Abraxis (AstraZeneca) v. Mayne (Fed. Cir. 2006).
Mayne attempted to around Abrxis’s anesthetic formulation patent covering DIPRIVAN. The district court, however, found that Mayne’s product still infringed, both directly and under the doctrine of equivalents, despite its replacement of EDTA (“edetate”) with DTPA.
On appeal, the CAFC reversed the direct infringement based on claim construction, but agreed that there was infringement under the DOE.
Infringement under the doctrine of equivalents is reviewed for clear error. To infringe under the DOE, the accused device must perform “substantially the same function in substantially the same way to obtain the same result” as the patented invention.
During the design-around, the defendant had attempted to identically match the characteristics and stability function of the Abraxis product. They eventually chose the DTPA replacement because it is “structurally similar to edetate, [and therefore] product stability is predicted to be unaffected.”
Even so, the defendant argued under the modern DOE exclusion principle that the patentee’s use of the “restrictive term edetate,” rather than a more generic term, precluded extension of equivalents coverage as a matter of law. The CAFC disagreed, finding that equivalents could be asserted because the inventors “did not clearly disavow” broader coverage.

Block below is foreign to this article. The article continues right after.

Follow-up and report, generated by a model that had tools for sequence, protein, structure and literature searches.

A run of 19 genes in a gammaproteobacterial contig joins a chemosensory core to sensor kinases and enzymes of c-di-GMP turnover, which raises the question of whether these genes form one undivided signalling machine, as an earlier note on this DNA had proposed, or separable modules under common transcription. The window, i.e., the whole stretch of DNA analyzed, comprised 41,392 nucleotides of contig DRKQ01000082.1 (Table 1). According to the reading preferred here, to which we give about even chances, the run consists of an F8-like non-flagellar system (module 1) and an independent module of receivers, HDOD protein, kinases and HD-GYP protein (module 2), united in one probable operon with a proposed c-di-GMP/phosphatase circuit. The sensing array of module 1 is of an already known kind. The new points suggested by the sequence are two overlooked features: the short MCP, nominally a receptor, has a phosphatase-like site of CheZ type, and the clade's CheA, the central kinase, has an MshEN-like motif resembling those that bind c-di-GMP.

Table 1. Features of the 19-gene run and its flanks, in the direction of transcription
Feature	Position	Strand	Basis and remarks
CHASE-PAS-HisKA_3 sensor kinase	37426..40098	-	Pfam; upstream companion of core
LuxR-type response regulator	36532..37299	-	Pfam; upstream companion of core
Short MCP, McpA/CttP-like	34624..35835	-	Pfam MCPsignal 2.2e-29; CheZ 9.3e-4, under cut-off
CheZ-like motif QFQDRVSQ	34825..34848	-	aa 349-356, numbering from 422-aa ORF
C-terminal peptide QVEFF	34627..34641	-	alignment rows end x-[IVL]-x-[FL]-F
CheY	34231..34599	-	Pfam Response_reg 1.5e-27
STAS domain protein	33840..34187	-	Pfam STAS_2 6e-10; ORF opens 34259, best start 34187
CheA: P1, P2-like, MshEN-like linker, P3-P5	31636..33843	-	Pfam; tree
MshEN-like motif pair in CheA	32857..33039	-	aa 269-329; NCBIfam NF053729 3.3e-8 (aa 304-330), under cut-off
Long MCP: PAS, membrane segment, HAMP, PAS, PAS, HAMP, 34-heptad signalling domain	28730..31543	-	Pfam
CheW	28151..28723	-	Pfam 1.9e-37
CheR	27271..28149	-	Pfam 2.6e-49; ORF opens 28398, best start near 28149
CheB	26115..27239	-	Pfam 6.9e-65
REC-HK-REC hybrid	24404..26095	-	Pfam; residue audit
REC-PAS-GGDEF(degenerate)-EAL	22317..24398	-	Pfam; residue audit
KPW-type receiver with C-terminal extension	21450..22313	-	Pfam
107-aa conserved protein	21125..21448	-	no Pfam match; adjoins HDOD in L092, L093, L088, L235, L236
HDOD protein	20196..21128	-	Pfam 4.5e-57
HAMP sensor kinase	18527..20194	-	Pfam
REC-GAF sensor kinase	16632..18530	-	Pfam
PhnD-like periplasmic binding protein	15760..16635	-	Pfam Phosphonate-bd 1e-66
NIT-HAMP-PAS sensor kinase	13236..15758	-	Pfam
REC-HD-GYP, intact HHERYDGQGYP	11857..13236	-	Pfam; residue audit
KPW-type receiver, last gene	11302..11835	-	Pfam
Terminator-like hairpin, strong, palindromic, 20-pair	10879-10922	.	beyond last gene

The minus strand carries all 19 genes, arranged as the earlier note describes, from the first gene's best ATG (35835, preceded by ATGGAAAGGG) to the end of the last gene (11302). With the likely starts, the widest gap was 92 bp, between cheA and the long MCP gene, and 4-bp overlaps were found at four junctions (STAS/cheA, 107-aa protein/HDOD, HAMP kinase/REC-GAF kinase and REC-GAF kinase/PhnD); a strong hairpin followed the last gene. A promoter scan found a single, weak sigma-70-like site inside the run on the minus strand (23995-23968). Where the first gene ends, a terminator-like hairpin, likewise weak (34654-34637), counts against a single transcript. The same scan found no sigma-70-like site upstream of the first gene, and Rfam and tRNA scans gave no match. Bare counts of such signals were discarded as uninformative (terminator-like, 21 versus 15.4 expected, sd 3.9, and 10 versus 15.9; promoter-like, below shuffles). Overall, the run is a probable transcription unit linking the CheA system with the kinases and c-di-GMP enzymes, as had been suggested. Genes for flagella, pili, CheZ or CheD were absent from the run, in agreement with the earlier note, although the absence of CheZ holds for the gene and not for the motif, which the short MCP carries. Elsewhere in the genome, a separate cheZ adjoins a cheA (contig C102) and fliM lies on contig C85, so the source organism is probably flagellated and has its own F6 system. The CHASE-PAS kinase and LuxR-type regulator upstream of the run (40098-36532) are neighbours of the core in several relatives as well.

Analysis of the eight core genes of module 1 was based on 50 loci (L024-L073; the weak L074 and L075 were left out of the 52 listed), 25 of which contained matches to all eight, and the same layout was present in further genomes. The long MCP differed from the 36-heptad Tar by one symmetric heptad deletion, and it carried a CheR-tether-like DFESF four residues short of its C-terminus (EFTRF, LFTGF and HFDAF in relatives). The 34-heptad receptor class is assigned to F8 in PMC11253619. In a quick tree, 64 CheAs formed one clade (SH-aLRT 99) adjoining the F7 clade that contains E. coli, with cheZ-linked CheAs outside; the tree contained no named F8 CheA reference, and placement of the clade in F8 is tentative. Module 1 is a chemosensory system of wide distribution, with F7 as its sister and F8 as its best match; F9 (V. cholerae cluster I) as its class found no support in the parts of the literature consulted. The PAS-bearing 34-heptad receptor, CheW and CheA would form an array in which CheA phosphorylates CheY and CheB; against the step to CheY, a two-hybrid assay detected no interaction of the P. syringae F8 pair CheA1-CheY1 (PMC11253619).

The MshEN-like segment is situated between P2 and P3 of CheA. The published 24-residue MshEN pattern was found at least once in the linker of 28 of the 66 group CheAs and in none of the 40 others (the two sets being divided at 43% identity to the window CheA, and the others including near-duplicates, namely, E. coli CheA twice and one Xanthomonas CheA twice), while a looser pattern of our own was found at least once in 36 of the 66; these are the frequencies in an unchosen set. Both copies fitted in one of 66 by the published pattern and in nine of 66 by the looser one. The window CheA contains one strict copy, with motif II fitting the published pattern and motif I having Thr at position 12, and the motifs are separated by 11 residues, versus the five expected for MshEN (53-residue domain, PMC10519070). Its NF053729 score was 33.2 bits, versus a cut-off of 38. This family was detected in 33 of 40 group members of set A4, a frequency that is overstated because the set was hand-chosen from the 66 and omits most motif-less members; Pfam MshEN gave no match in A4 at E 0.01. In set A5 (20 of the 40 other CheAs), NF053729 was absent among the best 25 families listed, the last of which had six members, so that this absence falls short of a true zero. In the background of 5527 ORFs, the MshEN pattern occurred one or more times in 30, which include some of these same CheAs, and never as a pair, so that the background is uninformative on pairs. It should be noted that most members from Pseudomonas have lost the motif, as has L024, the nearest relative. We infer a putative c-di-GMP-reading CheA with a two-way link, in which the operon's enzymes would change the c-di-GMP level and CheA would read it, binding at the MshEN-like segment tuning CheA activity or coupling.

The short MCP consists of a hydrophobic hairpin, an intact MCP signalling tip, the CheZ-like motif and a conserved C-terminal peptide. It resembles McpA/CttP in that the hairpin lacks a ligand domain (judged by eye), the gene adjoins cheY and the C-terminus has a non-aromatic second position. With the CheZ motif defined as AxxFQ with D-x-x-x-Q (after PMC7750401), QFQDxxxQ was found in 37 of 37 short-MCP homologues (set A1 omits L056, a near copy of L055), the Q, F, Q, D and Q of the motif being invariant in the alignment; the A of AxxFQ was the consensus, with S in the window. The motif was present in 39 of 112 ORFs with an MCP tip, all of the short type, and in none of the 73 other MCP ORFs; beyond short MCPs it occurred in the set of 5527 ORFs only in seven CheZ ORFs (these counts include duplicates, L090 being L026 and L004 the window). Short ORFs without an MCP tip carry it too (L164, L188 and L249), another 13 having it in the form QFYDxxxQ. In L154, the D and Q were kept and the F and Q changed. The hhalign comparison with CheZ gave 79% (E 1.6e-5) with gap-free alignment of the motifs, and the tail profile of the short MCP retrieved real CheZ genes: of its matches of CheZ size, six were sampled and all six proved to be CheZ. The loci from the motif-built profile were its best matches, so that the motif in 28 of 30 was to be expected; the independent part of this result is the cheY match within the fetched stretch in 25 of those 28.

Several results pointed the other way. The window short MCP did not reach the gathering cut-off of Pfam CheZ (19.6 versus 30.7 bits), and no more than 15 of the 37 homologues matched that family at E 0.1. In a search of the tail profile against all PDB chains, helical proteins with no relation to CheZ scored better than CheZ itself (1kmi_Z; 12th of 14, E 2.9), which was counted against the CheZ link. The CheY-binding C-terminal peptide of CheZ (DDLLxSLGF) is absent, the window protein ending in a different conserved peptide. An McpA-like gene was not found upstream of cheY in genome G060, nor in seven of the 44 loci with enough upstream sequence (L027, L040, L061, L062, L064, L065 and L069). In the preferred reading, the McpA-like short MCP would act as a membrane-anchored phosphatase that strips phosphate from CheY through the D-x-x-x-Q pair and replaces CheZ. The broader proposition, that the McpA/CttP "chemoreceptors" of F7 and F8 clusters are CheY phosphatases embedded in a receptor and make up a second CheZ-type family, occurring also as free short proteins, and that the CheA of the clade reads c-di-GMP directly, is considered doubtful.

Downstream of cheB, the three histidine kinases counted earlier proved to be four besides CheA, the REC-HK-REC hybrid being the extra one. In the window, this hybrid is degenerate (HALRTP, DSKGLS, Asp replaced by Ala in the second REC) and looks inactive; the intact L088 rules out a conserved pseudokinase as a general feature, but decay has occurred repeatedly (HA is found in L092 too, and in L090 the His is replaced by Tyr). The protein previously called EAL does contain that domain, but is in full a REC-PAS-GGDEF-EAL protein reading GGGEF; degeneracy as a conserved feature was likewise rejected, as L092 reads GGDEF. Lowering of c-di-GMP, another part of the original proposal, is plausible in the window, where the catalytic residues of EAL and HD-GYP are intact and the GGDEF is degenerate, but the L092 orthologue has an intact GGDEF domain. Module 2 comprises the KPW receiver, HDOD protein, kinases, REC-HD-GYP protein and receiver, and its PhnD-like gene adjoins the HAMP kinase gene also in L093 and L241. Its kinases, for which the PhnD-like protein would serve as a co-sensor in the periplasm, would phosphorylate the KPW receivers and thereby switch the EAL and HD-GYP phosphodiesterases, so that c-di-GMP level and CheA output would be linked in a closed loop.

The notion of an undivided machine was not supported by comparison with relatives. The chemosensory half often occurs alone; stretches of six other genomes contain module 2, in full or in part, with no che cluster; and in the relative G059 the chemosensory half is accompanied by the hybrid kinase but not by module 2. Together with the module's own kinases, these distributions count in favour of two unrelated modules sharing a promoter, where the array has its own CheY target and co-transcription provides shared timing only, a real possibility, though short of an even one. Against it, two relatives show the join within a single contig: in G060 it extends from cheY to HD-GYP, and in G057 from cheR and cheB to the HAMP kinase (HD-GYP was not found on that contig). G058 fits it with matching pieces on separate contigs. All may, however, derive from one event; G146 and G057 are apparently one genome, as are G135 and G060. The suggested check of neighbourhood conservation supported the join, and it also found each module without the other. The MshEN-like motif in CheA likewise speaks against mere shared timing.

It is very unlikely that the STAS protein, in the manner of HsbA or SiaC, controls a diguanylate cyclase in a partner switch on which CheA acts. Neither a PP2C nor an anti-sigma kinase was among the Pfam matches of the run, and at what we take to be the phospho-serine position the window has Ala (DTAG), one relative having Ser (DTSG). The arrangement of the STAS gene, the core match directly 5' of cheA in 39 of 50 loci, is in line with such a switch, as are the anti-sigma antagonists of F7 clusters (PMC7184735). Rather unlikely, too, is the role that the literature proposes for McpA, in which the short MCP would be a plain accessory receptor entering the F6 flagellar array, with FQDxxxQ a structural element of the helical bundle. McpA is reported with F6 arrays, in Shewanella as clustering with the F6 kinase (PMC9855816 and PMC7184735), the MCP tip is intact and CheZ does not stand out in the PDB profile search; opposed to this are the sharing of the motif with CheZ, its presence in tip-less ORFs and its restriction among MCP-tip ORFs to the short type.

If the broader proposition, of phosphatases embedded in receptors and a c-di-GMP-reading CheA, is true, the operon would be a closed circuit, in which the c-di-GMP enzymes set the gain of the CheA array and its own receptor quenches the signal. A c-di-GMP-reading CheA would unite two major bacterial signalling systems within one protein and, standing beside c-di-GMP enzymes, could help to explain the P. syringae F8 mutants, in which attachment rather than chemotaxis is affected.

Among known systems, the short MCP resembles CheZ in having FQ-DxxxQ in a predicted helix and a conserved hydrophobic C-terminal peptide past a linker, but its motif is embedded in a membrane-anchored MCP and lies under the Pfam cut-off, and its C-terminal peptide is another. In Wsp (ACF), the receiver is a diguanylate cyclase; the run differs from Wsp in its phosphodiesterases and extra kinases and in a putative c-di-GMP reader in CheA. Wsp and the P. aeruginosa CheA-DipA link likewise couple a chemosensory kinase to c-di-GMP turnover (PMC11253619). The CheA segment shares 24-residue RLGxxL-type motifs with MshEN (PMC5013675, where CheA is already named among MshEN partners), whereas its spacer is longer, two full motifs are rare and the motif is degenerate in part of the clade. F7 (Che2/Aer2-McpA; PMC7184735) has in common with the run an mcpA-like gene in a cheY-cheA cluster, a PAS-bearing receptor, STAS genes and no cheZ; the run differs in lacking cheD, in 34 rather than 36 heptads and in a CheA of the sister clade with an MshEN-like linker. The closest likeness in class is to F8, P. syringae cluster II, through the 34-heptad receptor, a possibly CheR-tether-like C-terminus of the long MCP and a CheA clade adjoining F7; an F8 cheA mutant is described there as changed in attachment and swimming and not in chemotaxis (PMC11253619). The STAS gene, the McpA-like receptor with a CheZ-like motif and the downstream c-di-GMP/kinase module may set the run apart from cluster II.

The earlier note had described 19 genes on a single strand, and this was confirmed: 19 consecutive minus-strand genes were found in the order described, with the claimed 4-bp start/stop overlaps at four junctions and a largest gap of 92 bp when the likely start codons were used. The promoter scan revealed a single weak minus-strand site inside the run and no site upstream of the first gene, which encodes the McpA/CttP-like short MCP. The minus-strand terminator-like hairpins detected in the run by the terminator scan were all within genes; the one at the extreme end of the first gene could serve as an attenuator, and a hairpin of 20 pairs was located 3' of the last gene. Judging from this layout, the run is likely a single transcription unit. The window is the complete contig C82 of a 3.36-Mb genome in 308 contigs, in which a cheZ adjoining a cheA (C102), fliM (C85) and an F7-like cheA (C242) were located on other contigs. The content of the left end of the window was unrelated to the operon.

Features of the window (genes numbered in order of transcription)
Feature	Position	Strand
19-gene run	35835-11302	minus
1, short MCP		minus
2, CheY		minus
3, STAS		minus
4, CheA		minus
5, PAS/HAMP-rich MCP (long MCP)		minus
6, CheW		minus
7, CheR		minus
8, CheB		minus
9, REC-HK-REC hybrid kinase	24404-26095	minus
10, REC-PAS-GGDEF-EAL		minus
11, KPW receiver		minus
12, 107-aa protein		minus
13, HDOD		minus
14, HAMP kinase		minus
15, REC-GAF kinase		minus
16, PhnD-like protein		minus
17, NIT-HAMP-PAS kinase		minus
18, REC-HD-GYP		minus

There is no evidence that the patentees made a clear and unmistakable surrender of other polyaminocarboxylates, or calcium trisodium DTPA in particular, during prosecution.
Furthermore, because the use of DTPA was admittedly unforeseeable, it is proper to extend DOE.
The defendant also asserted that DOE should not be extended to cover DTPA because Mayne was able to obtain a patent to cover that modification. The CAFC did not buy that argument either. As noted above, the patent shows that the equivalent was unforeseeable at the time of the invention (weighing in favor of DOE). In addition, the district court’s fact finding of “substantial evidence of equivalence” withstood CAFC scrutiny.